One of the participants last week at the Queensland Indigenous Youth Leadership Program, asked me why I began blogging.
I originally began in 2008/09 after I attended a workshop, facilitated by Edgeware
, but run by Eddie Harran
. In that probably only one and a half hour workshop, Eddie explained everything from blogs, MySpace (was dying but not quite dead), Facebook, Flickr, Blogger, WordPress, RSS, Twitter and more. He gave context to the different platforms. I began to understand what things meant, in what order they happened, and importantly, how I could use them for my work.
But really, the answer to the question is, I began blogging for business. I wanted to share ideas about Indigenous education that I felt were being missed. I mean, it’s easy to talk to a group of pre-service teachers, but once they’ve graduated? It’s much hard to capture them. The odd after-school professional development session doesn’t really help people who know so little.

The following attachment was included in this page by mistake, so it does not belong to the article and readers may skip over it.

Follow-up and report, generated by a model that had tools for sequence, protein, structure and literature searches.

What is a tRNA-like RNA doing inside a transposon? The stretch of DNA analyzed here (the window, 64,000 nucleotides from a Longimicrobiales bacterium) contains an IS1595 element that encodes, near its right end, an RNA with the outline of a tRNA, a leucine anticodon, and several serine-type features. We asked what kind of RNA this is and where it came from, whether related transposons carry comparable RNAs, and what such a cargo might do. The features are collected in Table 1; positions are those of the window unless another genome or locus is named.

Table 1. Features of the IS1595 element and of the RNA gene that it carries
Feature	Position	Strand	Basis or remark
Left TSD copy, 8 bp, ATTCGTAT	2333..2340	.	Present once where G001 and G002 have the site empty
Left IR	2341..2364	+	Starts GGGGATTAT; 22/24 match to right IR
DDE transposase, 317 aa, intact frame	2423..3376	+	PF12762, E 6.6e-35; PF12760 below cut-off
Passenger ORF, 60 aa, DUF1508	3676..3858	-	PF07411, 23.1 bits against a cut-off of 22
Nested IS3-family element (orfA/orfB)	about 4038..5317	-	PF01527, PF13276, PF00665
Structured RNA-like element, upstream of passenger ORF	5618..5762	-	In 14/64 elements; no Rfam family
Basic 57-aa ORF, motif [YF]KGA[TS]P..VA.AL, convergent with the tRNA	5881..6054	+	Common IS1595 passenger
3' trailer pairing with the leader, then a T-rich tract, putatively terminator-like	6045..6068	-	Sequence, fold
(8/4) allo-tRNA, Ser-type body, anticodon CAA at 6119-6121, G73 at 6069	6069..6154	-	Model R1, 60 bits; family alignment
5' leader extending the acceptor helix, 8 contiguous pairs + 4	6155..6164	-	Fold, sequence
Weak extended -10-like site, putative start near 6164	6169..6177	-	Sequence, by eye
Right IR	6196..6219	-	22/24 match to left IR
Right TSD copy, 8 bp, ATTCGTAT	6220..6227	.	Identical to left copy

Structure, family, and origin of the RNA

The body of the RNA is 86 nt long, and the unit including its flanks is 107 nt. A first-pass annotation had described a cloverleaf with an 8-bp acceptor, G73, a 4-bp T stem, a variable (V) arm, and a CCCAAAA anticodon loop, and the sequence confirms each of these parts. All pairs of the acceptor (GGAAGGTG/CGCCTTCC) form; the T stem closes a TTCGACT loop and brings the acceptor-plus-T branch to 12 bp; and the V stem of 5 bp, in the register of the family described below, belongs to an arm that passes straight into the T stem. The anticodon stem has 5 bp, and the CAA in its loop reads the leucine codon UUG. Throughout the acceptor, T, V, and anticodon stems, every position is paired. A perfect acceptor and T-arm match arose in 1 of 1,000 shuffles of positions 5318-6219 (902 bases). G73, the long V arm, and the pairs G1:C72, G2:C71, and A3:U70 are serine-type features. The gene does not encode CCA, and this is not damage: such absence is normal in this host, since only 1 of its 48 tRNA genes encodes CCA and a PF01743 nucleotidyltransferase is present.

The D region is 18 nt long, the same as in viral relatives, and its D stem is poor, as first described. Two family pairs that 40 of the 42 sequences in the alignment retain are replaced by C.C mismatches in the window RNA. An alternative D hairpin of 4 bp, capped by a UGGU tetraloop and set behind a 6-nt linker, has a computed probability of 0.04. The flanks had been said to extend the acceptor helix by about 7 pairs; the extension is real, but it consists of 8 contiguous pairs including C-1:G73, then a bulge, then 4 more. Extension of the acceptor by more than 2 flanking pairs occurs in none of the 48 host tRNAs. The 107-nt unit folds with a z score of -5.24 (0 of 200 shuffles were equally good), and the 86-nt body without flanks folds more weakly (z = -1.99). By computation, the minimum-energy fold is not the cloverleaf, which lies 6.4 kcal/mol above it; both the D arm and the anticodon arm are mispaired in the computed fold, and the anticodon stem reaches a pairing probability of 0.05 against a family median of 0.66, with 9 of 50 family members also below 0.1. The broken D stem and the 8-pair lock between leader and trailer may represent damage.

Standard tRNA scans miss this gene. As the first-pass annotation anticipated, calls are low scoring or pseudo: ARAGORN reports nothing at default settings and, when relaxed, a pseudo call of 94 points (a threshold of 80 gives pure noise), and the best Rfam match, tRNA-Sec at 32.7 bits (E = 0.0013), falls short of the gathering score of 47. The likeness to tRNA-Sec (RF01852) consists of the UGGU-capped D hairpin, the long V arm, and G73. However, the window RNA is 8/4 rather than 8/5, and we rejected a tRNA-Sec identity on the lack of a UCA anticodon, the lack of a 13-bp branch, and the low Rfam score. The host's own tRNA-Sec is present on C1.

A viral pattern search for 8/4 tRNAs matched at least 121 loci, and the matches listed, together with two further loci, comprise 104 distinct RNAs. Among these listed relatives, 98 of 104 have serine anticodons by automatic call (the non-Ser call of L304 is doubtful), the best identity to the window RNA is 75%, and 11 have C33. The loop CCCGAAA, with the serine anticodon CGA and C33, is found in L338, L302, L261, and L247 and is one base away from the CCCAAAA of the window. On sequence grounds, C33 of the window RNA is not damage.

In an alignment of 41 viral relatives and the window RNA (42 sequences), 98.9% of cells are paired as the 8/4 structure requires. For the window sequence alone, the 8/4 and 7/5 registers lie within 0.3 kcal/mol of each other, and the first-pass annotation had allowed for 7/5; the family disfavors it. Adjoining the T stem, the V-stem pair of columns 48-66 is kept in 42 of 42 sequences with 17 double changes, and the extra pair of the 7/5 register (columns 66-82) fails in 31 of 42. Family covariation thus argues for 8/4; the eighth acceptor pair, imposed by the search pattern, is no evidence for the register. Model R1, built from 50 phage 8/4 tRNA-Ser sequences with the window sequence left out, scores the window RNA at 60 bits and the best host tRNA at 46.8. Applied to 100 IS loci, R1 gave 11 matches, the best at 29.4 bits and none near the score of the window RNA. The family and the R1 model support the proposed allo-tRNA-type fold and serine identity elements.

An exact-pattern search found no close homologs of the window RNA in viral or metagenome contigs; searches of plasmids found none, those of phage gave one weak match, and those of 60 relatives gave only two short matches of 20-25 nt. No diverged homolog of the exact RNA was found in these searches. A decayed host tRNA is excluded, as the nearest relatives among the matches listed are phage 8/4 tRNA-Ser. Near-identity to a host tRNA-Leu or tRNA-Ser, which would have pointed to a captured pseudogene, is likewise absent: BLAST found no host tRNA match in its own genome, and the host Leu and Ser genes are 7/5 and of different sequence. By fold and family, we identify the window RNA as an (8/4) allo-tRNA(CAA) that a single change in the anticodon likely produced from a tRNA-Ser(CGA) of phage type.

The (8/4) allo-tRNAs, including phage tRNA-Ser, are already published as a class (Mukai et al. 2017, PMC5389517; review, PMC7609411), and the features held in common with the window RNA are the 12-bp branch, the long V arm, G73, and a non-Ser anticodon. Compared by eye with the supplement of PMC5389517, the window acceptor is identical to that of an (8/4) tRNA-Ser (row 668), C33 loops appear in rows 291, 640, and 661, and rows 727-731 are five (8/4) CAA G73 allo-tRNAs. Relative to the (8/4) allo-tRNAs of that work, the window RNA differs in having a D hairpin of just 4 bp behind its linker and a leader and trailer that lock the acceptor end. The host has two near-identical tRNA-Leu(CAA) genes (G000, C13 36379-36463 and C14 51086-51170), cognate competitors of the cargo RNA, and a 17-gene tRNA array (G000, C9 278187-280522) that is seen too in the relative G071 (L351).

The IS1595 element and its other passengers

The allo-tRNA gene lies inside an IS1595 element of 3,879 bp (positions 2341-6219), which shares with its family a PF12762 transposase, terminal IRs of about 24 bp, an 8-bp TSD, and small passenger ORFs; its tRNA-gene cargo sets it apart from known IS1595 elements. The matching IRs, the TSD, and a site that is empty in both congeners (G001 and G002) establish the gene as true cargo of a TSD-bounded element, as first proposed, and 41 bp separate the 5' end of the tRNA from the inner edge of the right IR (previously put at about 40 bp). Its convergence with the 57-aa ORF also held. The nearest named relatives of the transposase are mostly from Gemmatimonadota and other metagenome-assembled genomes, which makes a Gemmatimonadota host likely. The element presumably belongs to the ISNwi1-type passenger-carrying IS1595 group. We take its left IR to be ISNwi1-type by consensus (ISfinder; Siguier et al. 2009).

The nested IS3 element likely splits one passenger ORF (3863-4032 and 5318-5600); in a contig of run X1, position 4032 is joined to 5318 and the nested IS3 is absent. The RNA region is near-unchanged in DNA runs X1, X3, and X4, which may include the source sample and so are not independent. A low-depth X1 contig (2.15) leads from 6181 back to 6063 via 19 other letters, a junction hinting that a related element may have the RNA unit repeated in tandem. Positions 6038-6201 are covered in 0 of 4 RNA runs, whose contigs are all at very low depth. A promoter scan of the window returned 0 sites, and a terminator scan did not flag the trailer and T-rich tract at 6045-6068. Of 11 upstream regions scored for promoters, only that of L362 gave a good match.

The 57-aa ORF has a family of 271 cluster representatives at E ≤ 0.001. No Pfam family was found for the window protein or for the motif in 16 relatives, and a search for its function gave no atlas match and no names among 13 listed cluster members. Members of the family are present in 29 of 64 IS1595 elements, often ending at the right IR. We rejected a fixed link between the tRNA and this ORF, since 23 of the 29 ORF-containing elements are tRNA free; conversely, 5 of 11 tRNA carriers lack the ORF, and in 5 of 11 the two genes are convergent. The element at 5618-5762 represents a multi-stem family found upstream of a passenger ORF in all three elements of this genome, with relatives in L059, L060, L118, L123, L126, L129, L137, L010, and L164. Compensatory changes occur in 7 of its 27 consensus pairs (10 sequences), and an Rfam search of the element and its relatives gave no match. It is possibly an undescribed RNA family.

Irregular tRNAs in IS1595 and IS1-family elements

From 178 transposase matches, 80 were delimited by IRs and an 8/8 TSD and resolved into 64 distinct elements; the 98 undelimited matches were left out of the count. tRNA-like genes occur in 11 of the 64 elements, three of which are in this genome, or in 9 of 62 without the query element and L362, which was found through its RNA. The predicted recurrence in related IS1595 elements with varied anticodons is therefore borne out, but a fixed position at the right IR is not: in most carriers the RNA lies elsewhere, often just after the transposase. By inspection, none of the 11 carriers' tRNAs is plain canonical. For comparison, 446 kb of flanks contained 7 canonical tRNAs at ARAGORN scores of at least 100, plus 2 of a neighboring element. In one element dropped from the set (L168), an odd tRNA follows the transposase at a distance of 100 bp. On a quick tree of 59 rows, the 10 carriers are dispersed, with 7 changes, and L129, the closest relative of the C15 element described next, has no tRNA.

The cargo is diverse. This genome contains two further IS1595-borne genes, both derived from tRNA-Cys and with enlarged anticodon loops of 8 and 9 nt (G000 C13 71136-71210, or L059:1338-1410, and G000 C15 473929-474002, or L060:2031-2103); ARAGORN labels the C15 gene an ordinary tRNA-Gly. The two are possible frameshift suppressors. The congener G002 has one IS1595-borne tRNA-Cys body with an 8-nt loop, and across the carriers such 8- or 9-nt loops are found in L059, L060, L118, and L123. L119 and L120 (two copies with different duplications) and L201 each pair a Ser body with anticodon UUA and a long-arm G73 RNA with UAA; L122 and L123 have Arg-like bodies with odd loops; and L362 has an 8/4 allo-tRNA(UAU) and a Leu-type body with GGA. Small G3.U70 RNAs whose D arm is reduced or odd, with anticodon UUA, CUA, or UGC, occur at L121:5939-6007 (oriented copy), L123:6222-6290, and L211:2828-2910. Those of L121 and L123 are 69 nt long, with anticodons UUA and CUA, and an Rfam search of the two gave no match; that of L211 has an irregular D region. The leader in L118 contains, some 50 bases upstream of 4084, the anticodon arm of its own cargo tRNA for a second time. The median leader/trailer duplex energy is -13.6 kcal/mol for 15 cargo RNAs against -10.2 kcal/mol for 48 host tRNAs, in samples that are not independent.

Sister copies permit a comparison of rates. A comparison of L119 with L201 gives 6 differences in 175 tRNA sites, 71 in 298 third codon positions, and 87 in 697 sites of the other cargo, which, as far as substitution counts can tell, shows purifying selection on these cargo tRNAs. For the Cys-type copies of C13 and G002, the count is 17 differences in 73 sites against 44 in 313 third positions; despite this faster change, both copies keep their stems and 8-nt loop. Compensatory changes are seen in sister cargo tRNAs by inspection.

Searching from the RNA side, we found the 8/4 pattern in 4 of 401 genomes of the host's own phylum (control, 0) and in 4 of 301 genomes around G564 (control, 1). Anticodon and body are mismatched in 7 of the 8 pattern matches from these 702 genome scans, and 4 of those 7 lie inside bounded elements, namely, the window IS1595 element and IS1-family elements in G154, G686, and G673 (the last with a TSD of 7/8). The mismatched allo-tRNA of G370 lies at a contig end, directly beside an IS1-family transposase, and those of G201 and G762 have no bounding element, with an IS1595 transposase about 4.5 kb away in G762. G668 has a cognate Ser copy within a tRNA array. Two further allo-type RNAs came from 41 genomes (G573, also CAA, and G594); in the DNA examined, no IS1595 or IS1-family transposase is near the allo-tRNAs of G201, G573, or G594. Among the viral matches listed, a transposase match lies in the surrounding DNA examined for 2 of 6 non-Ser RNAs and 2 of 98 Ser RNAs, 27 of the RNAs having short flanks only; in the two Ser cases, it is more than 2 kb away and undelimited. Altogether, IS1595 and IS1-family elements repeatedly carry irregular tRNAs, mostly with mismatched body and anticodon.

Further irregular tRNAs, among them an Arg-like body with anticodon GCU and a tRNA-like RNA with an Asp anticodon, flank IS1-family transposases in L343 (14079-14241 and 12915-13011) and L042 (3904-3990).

I had built websites from templates before Eddie’s talk. The first I probably built in the very early 2000s. It looked terrible. I continue (mostly) to build my own. I care less for the look of a site, than I do for the site’s organisation of information and the quality and usefulness of its content.
Why do I blog now? I still blog for business, but on this space in particular, I blog for myself. I rarely tweet out what I’ve written, I don’t count or measure the statistics. And the odd person or two eventually finds their way here.
Here. I blog for me.
Update: I was cleaning up the categories on Deadly Bloggers, and found this post I wrote in 2012. It relates.